An Andover student at the 46th annual Yale Model United Nations (YMUN) reported a delegate from a school in China for exhibiting flu-like symptoms and having a potential case of novel coronavirus, or 2019-nCoV. As a precaution, the conference organizers cancelled the final day of events, which included the last committee session and awards ceremony. The student in question has since been tested for coronavirus, but the test results have not yet been released, according to the New Haven Register.
In total, 17 Andover students participated in the event, which hosted over 2,500 students and faculty advisors from 40 different countries, with delegates in different committees focused on several global issues.
Memo Canales ’21, a delegate from Andover, wishes the situation was handled with greater transparency.
“I think [the organizers] made the right decision, as the person who was sick was from a city in China that was not far from the area of the outbreak, but I don’t think [the organizers] did it in the best way possible. They were not being clear about the whole situation initially and kept sending out almost cryptic messages to advisors and students. We were all immediately suspicious that it was something related to coronavirus, but it was all just rumors. Eventually, when they finally revealed the reason behind the cancellation, it caused a lot of unnecessary panic,” said Canales.
Teruyo Shimazu, Instructor in Japanese and faculty advisor to the Andover Model United Nations club, believes that Yale made the right decision. Even before arriving at the conference, she was concerned about the health risks of participating at YMUN with delegates from a Chinese school close to Wuhan.
“As a matter of fact, I was not really happy when I arrived at YMUN. I checked all the participating schools, and I noticed that one of the schools from China was only 200 miles away from Wuhuan. So, naturally, I was kind of suspicious. If I were a teacher from that school, I probably would not have traveled to the conference in consideration for other people that could potentially get contaminated,” said Shimazu.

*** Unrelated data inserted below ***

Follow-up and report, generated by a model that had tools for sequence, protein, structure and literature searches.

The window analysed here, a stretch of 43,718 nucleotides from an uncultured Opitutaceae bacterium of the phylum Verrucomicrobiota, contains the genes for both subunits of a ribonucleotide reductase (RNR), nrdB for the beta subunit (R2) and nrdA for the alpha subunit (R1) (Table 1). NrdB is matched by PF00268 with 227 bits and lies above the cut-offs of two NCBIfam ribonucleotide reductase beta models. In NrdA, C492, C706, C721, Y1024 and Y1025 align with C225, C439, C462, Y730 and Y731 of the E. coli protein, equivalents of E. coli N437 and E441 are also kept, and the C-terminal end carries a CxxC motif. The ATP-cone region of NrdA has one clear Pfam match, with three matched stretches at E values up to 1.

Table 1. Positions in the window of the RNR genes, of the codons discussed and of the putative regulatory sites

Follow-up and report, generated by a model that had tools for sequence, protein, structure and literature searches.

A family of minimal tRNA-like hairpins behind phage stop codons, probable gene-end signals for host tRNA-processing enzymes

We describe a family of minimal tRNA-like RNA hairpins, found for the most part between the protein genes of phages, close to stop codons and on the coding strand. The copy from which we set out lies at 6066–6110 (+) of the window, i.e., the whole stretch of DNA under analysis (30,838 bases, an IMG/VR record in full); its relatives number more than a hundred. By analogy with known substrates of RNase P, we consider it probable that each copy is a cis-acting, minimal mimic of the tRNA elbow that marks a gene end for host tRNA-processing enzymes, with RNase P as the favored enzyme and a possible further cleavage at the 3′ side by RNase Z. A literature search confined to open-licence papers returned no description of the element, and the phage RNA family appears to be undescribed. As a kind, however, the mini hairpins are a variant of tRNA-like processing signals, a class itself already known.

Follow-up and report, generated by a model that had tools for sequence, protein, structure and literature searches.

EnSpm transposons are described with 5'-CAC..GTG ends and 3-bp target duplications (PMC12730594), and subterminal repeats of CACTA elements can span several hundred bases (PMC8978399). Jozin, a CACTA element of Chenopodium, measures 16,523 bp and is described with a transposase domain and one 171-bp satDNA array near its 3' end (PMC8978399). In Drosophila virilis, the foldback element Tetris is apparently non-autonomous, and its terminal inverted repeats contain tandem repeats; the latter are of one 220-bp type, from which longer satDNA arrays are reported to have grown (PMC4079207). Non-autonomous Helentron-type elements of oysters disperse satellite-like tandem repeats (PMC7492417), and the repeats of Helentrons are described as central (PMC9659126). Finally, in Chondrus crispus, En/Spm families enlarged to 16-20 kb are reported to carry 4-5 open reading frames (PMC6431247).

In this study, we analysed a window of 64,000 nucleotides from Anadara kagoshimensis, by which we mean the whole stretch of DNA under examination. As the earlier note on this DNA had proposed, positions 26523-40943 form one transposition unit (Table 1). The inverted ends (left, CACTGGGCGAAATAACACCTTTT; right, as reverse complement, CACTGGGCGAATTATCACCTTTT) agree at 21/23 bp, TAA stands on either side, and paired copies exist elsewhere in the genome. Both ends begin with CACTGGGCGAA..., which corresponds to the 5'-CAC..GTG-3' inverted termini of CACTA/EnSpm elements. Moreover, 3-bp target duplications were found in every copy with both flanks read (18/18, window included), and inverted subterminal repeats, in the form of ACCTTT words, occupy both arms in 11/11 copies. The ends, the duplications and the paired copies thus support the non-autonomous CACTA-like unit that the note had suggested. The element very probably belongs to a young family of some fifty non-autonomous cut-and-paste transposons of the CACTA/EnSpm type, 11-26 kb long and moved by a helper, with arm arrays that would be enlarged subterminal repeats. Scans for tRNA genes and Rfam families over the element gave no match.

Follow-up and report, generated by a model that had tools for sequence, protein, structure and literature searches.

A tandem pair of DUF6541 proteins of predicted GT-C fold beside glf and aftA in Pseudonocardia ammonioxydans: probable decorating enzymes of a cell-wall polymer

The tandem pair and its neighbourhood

Shimazu continued, “I had been telling the students throughout the week and [at] nightly meetings to not take any unnecessary risks. Don’t go to the party, don’t go to the dance, just go back to your room. That was the only thing I was really able to do. The most important thing to me was not [the students’] performance, the most important thing is safety and health.”
Students who attended the conference have been the subject of numerous jokes and comments regarding the Coronavirus, according to Canales. While Canales recognizes that there is an element of humor to the situation, she believes that making fun of the virus risks trivializing the issue. Canales also didn’t appreciate how the school communicated the risk of coronavirus to the Andover community.
“Today in my first-period class, a kid was wearing a facemask. I think he was wearing mostly as a joke or as a fashion thing. But then when he learned that I went to YMUN, he started asking me to ‘get away’ and stuff like that. It was funny, but jokes of that sort definitely undermine and trivialize an issue that is threatening thousands of people’s lives. I will say that the school didn’t have to write out a mass email about the students [who] went to YMUN and all of the concerns regarding the coronavirus, because everybody immediately knew who we were,” said Canales.
Andover students will not participate in the annual Harvard Model United Nations (HMUN) conference this year, which is scheduled to take place through the end of January and the beginning of February. Andover MUN has been attending HMUN for the past couple of years. Though HMUN has made it explicit that no students from China will be attending HMUN, Shimazu agrees with Andover’s decision to act with caution.
“I prefer it this way because, considering the location, it’s not Yale. Yale was contained. The only people who [we] would probably be exposed would be the YMUN participants. But the hotel we would be staying at for HMUN is in the middle [of] downtown Boston. I’ve been participating in HMUN for decades, and there won’t only be students from China, but also tourists and other populations there….So considering all those facts, imagine how crowded the area would be, the risk is higher. Even if it’s a tough decision to make, I always want to make sure not to take any possible risks. What if someone really got sick? How could we justify that?” said Shimazu.
Despite all of the concerns surrounding coronavirus, Andover students brought home multiple titles from YMUN. Irene Kwon ’21, Alana Yang ’21, Lasal Mapitigama ’21, Melissa Damasceno ’22, Amara Neal ’22, and Amber Ting ’23 were awarded Outstanding Delegate in their respective committees, and Sophia Hlavaty ’21, Jason Huang ’21, and Yeetang Kwok ’20 received Honorable Mentions.
Karsten Rynearson ’22, who received Best Delegate, ultimately enjoyed the conference and took inspiration from the other delegates.
“While the coronavirus concerns were definitely scary and led to a lot of craziness, I think our delegation ultimately stayed calm under both the pressure of [the surrounding delegates] and the whole [coronavirus] situation that arose toward the end. I think that our ability to [stay calm] has led to many successes in our delegation. In New Haven, I had an amazing time getting to the people who I’d always admired and found so inspiring, and I think the community we built was another piece in how we all did well, we were able to support each other throughout the process,” said Rynearson.
Editor’s Note: Sophia Hlavaty ’21 is a News Associate for The Phillipian.